I let it go for a while and walked Levi's bike up to him. We all made it to our destination, a little bookstore. The kids bought themselves some candy. By the way, I was seriously tempted at the beginning of our biking to bribe Levi with some candy from this store. If I had not been in the middle of reading Mindset, I would have done it. I was sorely tempted to add an incentive anyway! But I remembered that I could tell him I wouldn't give up on him. And that helped him shift his mindset.

After we had bought and eaten some candy, I decided to try instilling a growth mindset in Levi once again. I said, "You know, a good skill to learn is how to coast down a hill."

"I know," he retorted . . . but he then tried it.

Aaaand then he promptly dismounted and walked away from his bike. A minute or two later I decided it was a good time and place to practice our cartwheels -- one of Jubilee's hopes for the day. I led off with the first cartwheel attempt. I haven't done a cartwheel in probably 10 years, and it showed.

I said, "I'm going to have to practice!"

I tried my other hand and was much more successful. "Ah yes, I had forgotten which was my better hand," I said. "I'll have to practice a lot on this side to make it as good as that side..." Growth mindset praises effort, isn't afraid of a challenge, and takes failure as a stepping stone to future success.

We had a lot of fun, and I was modeling the growth mindset for a good 15 min or more.

When we were ready to head back toward the swimming practice, Levi did some of his best, most persistant riding of the day.

Is it possible I could have had a day just like this, without having read this book? Yes, it's possible. But I feel like reading the book gave me a huge boost that I needed. The irony is that four years ago when Lindsay told me how awesome this book was, I judged myself as a "growth mindset person" (which is a false growth mindset -- something Dr. Dweck explores in this updated edition) and decided I didn't need to put in the effort to read the book. D'oh!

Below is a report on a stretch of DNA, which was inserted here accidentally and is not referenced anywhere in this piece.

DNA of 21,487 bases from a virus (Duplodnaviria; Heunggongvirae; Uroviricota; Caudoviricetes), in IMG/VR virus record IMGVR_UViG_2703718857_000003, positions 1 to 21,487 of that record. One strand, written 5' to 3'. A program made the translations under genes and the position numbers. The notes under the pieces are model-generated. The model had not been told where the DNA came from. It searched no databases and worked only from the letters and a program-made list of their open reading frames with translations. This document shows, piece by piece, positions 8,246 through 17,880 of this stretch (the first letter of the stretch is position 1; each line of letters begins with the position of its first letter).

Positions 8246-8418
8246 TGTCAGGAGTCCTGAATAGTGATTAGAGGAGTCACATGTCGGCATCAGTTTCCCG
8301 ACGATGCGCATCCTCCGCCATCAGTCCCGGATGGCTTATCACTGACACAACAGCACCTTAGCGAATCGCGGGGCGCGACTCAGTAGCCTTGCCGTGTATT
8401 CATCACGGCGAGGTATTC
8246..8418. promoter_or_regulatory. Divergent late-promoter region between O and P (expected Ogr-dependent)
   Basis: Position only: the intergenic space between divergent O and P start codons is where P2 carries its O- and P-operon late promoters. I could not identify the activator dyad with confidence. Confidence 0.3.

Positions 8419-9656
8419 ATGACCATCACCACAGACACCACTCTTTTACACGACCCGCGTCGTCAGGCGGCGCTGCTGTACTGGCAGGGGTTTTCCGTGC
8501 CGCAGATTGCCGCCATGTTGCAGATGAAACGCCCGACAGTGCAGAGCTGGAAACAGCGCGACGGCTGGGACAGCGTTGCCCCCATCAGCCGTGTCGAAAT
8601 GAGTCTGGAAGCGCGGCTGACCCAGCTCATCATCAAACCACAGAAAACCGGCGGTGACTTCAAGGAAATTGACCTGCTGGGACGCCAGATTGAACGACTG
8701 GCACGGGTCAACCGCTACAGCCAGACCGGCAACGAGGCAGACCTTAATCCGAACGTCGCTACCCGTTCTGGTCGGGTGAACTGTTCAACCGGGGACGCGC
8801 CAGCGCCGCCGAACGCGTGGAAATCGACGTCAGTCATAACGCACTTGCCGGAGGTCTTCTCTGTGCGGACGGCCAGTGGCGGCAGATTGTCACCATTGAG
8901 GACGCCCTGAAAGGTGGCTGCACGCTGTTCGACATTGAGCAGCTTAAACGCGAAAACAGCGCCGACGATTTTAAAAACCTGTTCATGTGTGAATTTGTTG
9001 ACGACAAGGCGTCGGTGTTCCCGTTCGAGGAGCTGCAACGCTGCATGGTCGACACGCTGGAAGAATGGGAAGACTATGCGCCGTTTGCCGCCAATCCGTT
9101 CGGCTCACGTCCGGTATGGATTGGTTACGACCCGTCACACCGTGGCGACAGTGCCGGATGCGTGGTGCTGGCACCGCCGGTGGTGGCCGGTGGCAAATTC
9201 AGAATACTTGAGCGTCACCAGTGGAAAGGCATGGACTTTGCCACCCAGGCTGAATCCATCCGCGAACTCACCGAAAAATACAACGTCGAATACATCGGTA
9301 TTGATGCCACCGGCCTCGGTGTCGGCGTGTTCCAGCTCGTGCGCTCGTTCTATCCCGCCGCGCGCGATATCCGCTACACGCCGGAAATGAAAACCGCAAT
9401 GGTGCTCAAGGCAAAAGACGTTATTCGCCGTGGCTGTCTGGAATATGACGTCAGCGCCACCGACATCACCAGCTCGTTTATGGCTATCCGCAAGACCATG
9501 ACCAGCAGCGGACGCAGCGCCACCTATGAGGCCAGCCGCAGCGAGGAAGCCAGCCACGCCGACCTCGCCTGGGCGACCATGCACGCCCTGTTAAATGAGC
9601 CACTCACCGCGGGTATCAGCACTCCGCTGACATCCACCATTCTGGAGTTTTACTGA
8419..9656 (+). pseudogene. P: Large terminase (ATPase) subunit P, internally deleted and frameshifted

In the final chapters of Mindset, which I read today, she details more of the journey a person has to take to increase growth mindset and decrease fixed mindset on a regular basis. Super awesome. One of the steps she recommends is giving your fixed mindset a name, so you can separate it from yourself, talk to it, and help it help you instead of letting it rule when what you need is a growth mindset. I've decided I should name my fixed mindset Spoilers.

Have you read the book? Have you named your fixed mindset? I'd love to hear. I'm very excited to see how book club goes! Thanks for picking it, Meghan! Thanks for telling me how good it was 4 years ago, Lindsay! Turns out I was astute in my observation that reading the book would help me work with Levi.

And thanks to everybody who made the book possible.


  1. I've read Mindset but it's been quite a while. I may be due for a re-read. Growth Mindset is something that I actively work on with my daughter, but I know that I need to keep working on it for myself, too. Thanks for the reminder!

  2. I listened to the audio book about a year ago. I really liked it, but I don't think I practiced it much and therefore have forgotten a ton. I started back to college two weeks ago and my confidence dropped severely the second week--when the lack of sleep coincides with the real assignments and the fact that I didn't really do enough work the first week. As I was saying things to Mike about what would happen if/when I fail, he told me multiple times I needed to have growth mindset! Maybe it's time to listen again!

    As for bike riding, it really helped my kids to take the pedals off the bike and maybe even lower the seat a bit. It kind of makes the regular bike into a balance bike/scooter. After they got pretty comfortable with that using the pedals was much easier.